Customer front margin
This just in: salespeople are spending less time actually selling to customers, and more time on internal activities, than they were just five years ago. But before you pine for the “good old days” when reps spent more time in the customer’s office than in yours, what if we told you that having your reps spend less time face-to-face with your customers might actually be a good thing?
At SEC Solutions, we’ve been tracking how reps spend their time since 2003. Our B2B Sales Index contains data on the sales process activities and time signatures of more than 10, 000 sales reps across all major geographic markets and industries. Recently, we took a look at how the time signature of sales reps has changed over the past five years.
When we compare rep time spend today with what it looked like five years ago, it’s clear that the sales world has undergone a dramatic shift. Time spent on pre-sales and post-sales activities are both up by 15%. Meanwhile, time spent on non-sales (i.e., admin) work is up a whopping 21%. And all of this has come at the expense of actual selling time in front of the customer, which is down a full 26%.
Where has the time gone? When we dig into the discrete activities within each of these areas, we find that reps are spending less time making sales presentations to customers and less time negotiating and closing deals. But they’re spending more time getting themselves and their organizations ready for those presentations, strategizing with their sales managers, specialists, and subject matter experts on specific deals.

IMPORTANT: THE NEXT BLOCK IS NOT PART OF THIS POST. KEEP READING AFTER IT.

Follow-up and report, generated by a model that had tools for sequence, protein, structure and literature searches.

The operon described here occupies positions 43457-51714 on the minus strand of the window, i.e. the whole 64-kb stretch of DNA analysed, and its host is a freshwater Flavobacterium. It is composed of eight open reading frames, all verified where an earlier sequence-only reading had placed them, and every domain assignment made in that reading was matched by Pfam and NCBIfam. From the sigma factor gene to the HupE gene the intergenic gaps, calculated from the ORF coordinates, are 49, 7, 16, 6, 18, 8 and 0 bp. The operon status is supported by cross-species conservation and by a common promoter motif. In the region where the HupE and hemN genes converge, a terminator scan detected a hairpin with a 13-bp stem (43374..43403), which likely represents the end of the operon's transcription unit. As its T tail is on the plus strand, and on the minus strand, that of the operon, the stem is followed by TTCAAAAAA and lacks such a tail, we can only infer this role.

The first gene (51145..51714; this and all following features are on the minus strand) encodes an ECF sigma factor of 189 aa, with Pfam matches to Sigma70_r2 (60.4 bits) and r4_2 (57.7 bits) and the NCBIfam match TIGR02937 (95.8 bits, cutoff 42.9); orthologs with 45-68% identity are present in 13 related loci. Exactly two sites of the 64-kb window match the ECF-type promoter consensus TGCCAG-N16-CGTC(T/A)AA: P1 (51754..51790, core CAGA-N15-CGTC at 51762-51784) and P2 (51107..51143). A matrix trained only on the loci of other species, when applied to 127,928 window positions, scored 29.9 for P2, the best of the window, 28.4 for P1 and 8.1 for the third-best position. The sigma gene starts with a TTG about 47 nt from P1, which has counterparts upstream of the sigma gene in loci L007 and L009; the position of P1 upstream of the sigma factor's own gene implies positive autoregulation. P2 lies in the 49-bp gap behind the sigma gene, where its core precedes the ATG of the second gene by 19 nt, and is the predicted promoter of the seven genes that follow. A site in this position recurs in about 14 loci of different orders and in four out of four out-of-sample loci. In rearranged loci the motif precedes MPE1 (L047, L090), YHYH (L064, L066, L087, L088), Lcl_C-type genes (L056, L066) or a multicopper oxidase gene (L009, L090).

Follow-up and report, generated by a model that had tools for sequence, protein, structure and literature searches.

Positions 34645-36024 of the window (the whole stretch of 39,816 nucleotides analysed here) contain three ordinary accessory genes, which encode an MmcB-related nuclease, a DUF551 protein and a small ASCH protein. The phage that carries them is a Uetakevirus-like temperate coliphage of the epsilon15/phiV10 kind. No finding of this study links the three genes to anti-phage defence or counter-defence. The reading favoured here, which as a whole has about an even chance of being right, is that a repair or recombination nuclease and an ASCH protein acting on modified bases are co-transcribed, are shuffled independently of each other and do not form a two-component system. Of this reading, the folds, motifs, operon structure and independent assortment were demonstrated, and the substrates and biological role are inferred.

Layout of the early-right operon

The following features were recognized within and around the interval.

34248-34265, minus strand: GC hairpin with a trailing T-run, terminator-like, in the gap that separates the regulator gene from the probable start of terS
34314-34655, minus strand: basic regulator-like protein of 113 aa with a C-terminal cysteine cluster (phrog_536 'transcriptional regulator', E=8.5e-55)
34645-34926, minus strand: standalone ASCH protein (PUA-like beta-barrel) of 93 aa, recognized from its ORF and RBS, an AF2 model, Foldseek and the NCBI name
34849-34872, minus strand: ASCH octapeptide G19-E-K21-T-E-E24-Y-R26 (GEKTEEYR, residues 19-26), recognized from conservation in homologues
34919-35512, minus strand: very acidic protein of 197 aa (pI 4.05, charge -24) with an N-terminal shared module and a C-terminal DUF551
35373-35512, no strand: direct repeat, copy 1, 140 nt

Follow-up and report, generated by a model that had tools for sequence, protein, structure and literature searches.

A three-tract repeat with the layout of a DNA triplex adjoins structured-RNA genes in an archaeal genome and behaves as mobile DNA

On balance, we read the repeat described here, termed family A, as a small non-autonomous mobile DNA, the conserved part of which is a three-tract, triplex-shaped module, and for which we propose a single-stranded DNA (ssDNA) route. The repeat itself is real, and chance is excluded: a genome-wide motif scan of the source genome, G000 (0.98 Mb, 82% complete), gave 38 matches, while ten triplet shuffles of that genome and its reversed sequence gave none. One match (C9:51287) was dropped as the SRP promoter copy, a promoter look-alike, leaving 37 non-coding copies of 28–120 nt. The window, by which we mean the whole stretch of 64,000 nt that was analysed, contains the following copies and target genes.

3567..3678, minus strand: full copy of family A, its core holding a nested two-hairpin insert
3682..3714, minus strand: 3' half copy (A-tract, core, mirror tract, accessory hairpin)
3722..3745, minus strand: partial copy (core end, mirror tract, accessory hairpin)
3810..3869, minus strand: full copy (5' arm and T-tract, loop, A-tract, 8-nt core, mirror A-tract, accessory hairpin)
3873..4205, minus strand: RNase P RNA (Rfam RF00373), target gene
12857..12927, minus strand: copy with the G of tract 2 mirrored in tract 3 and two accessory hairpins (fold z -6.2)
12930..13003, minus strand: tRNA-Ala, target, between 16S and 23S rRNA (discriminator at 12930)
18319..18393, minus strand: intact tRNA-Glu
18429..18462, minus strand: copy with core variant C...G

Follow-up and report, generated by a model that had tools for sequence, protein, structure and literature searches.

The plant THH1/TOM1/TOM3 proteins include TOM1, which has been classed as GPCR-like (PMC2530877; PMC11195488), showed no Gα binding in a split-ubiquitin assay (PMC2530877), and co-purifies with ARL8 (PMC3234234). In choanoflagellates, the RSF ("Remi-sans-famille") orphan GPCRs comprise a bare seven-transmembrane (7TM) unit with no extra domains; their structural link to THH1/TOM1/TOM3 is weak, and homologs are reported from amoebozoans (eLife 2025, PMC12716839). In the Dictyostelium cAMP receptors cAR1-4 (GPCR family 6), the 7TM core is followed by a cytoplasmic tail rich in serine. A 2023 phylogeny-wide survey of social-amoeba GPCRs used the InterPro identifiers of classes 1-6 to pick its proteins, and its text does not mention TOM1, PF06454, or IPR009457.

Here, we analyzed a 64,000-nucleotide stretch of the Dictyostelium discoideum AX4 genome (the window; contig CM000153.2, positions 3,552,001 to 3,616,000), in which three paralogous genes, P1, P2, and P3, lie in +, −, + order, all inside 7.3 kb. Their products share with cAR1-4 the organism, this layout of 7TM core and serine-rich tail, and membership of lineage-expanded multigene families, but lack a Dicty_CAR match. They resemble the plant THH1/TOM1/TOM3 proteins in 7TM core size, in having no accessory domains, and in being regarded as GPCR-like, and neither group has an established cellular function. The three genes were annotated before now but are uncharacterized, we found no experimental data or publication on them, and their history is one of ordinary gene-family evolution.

Before and after the sale, reps are also spending more time planning. Within the pre-sales category, for instance, they’re spending more time creating sales plans and vetting prospective customers. And, in the post-sales area, they’re spending more time gathering customer feedback (i.e., win-loss analysis), updating their account plans and educating end users.
T.M. Designworks Chain Slide-N-Guide Kit for Stock Arms - Blue YCP-BAN-BU
Automotive Parts and Accessories (T.M. Designworks)
What is customer margin?
from activity based costing. just confused about its definition
Pricing system should be based on the customers view. Their ( customers) margin
is important, otherwise they may move to competitors.
What would be a good mathematical formula relating customer service costs to revenues and margins? - Quora
Include a categorical variable for early adopter/buyer influence. Consider using survival analysis.